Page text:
Tuesday, September 23, 2014

Life Lessons on Wine Country Livin'

This whole moving-to-the-country thing has been chock-full of lessons from day one. And usually those lessons are learned the hard way—like Don't Do Any Gardening Without Wearing Bug Spray, Check the Tasting Room's Hours Before Driving to the Boonies to Try Some New Wine, If You're Going to a Vintner's Festival Get There Early Or There Won't Be Any Food Left, and my favorite, Always Check the Bottom of Your Shoes After Walking through the Chicken Run.

In the last couple weeks, we've been hit with a few more lessons...some more painful than others. Just in case any of you readers should decide to move to wine country and raise chickens, I want to share my discoveries with you in hopes that I can save you from the agony of learning them yourself. Here's a rundown:

1. If you go to a winemakers' dinner, eat a huge lunch and use the wine-dump pot.
We attended our first winemakers' dinner at Los Olivos Cafe last Thursday night and were so giddy at the idea of finally going to one of the events we dreamed of attending when we lived back in LA. The evening featured winemakers from Qupe, Bien Nacido, and Au Bon Climat, with a selection of 9 different wines and carefully paired dishes.

Knowing my 3-4 glass limit, I was well aware of the fact that I'd have to dump partial glasses throughout the night. I figured I could get away with at least a few sips of each and that the copious amounts of food would absorb most of the alcohol anyway. At the end of the night, I was tipsy but feeling pretty much fine. Mr. and I came home and watched some TV and the next morning I awoke with only a minor headache.

I got myself some water and toast, thinking I'd make a full recovery. And then I became very, very sleepy on the couch. It was only 9:00 a.m. but I needed a nap. Or twelve. And then at about 10:00, my first winemaker dinner came back to haunt me in a very projectilious way. SO not the way to start a day. I haven't gotten sick from drinking since my 28th birthday at the Beauty Bar in Hollywood (too many martinis with my manicure). I now know that if we attend another winemaker dinner, I will need to eat and hydrate well all day long in preparation—and probably take a few less sips with my dinner.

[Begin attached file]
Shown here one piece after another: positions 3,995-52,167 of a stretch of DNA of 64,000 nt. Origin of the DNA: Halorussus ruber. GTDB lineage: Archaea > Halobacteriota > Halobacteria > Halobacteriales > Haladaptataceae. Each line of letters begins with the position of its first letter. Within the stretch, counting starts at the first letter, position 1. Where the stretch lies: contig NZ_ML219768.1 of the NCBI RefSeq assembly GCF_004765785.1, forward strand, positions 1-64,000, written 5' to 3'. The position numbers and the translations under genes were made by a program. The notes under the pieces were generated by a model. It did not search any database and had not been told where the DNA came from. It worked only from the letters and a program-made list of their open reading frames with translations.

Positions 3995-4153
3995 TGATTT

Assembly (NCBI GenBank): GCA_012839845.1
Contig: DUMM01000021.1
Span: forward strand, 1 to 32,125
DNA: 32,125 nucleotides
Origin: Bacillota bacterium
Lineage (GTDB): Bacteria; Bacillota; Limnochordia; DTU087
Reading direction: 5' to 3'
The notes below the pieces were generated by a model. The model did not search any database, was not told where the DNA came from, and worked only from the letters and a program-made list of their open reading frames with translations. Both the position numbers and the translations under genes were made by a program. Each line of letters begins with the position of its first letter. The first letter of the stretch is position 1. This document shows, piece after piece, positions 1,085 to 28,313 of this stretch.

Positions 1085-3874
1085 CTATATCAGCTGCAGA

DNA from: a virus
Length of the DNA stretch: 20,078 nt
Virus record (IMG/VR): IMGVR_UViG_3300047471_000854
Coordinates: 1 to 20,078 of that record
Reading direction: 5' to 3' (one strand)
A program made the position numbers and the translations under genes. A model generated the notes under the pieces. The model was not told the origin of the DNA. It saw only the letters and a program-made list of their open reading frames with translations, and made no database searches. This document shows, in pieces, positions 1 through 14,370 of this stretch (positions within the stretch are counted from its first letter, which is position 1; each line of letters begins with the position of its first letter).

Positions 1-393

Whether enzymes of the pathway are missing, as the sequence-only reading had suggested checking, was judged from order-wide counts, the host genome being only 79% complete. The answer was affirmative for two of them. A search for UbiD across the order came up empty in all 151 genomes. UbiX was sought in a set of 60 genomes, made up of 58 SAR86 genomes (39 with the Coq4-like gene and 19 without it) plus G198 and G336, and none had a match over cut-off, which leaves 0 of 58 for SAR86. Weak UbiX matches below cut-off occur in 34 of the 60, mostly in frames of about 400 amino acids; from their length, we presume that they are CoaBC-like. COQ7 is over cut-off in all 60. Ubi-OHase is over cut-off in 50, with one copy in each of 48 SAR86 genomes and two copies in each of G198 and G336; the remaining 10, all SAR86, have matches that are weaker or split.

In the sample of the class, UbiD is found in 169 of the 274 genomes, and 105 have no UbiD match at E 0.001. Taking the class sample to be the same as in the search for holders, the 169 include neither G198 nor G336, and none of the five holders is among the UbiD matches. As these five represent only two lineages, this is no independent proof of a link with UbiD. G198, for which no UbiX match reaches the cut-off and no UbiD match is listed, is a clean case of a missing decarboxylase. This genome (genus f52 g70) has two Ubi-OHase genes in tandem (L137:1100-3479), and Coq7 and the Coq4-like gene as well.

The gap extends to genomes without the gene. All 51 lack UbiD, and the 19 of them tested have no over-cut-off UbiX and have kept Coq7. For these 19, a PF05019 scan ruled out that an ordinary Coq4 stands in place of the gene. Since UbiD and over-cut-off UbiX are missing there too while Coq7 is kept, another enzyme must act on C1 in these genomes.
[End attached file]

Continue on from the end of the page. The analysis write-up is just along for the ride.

2. Chickens that lay eggs are significantly louder than chickens who don't.
Two of our baby girls (Charlotte and Carrie) have started laying, and we couldn't be more proud. Our fridge is currently stocked with the cutest little pullet eggs you've ever seen. Every day, it's a thrill to go egg-hunting in their coop. However, I didn't realize that their eggy labor pains would include raucous clucking. Sometimes they call out to each other while one is laying—like the non-layer is coaching the layer to push. And the crazy thing is that it often happens several times a day even though they're only laying once. El Pollo Loco got their name right because those chickens are crazy.

3. Hens are bitches.
This whole pecking order business? So not cool. Particularly because one of my favorite chickens (yes, I have favorites) is at the bottom. Poor little fuzzy-faced Samantha gets a forehead full of beak all the time. We're not sure whether the ring leader is Charlotte or Carrie, but Charlotte is by far the nastiest and peckiest. Every time she bops somebody on the head, I want to pick up one of the other girls and use her to peck Charlotte right back. Definitely not a fan of henhouse hierarchies...